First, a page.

Banking Expert Banks on Regionals
02/21/2014 10:00 am EST
Doug Hughes focuses exclusively on small to mid-size regional banks—a sector typically off the radar of many investors. The editor of the Bank Newsletter explains the attraction of the sector and highlights a pair of current favorites.
Steve Halpern: Joining us today is Doug Hughes, editor of the Bank Stock Newsletter. How are you doing, Doug?
Doug Hughes: Good. How are you, today?
Steve Halpern: For listeners unfamiliar with your research, you're the newsletter industry's leading authority on small and mid-size regional bank stocks. Could you tell us about your background, and perhaps, what led into your interest in this sector?
Doug Hughes: I've been investing in the banking area, probably, for three decades now. My Web site is BankNewsletter.com. We tend to specialize in the smaller banks, because they're quite easy to understand.
You get to talk to the CEOs, all the top management team, and directly on the phone, if you want, at will. The bigger banks, obviously, you can't communicate with them that easily, and can't understand them that easily.
As well as, we love the idea of takeovers always in the background, so, takeovers are where you make the big money, and these smaller banks, again, a very simple process to understand. You're basically buying people, asset quality, and market area, and it's a simple process to understand.
Steve Halpern: Now, the attraction of these stocks, you've mentioned takeover perspective, but are these attractive for both growth and income investors, are you comfortable with both of those areas?
Doug Hughes: Many of them do pay 3%, 4%, 5%, 6% cash dividends and/or some pay stock dividends. That is another reason to hold them. It, somehow, sometimes limits the downside, but not always, obviously, as we have seen in the market crash the last six or seven years ago, but sure.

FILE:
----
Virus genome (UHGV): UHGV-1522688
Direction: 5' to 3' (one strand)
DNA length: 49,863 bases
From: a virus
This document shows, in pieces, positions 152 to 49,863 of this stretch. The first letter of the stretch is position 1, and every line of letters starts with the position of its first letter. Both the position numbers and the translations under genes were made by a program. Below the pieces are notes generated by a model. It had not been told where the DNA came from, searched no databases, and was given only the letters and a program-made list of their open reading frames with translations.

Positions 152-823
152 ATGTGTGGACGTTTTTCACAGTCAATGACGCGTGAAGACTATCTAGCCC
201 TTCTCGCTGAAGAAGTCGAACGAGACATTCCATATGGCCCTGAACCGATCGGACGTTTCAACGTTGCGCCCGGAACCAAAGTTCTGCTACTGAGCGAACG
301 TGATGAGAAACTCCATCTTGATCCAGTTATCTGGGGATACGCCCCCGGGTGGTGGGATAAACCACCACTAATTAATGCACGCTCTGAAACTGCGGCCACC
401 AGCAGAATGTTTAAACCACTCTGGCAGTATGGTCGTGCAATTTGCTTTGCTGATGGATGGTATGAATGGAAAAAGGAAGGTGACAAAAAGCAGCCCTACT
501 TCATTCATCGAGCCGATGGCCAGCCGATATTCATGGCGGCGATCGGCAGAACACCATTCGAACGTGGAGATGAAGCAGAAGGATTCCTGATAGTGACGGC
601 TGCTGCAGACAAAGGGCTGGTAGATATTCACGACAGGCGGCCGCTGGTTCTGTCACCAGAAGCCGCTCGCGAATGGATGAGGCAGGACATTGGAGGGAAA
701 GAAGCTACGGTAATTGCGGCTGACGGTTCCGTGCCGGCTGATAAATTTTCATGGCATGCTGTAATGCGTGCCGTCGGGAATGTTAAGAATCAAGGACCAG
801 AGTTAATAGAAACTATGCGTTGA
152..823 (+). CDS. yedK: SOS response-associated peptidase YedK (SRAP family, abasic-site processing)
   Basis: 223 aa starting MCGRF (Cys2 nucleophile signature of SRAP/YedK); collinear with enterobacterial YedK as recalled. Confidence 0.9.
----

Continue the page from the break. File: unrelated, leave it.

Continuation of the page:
I mean, definitely, the cash dividends are great additions to the income and they basically pay us to wait, until these banks are taken over.
Steve Halpern: Now, the small bank area is very, very specific. Are there particular metrics that you focus on when selecting regional banks?
Doug Hughes: We like to have growth in earnings, the positive market share. We like, number one, the positive market share of the bank in their market, and whatever prospective market they're in, and we like the affluent markets.
A market with more high-net worth people, they tend to attract the higher takeover prices and/or takeovers, the ones in rural, low income areas, tend to not attract any takeovers.
Steve Halpern: Now, will you share some specific ideas in the regional banking sector for our listeners, the ones that you find particularly attractive now?
Doug Hughes: Sure, I mean, some of these banks have no growth, so, the only way to increase their earning power is to buy somebody here that has growth and number one deposits market share in many of the fast growing markets.
An example of that would be C&F Financial (CFFI) in Westport, Virginia. The CEO, Larry Dillon, has been there for 35 years, plus, the bank is trading at a p/e of 6 or 7, if you can believe it. It's only $2 over book value.
Number one in deposit market share in many of their markets, great asset quality, a well-diversified portfolio of businesses that they run. The bank is easily worth 100% more in a takeover. It pays a 3% cash dividend.
Insiders own 8% or 9% so they want to get paid someday. That's somebody that is an example of a prime takeover candidate, and/or the very limited downside risk, due to their earnings power, their growth, and their market share.
Steve Halpern: Is there one other stock that you would share with us?
Doug Hughes: Sure, there is another one. The next one, the symbol would be (THFF). They're in Indiana, a very large bank. First Federal Financial Corporation. Again, their book value is $27.
The stock is trading around, it just moved up from $30 to $33, or so, just a few dollars over book. It pays also a 3% cash dividend, trades plenty of volume.
If you do buy any of these stocks, always use market limits. They are thinly-traded, as compared to a larger regional, or a Bank of America, for example, but again, very strong asset quality, great people, great management team, and they're expanding like crazy.
Steve Halpern: Well, we really appreciate you sharing your expertise with us. Thanks for joining us, today.
Doug Hughes: You're welcome. Thanks for having me.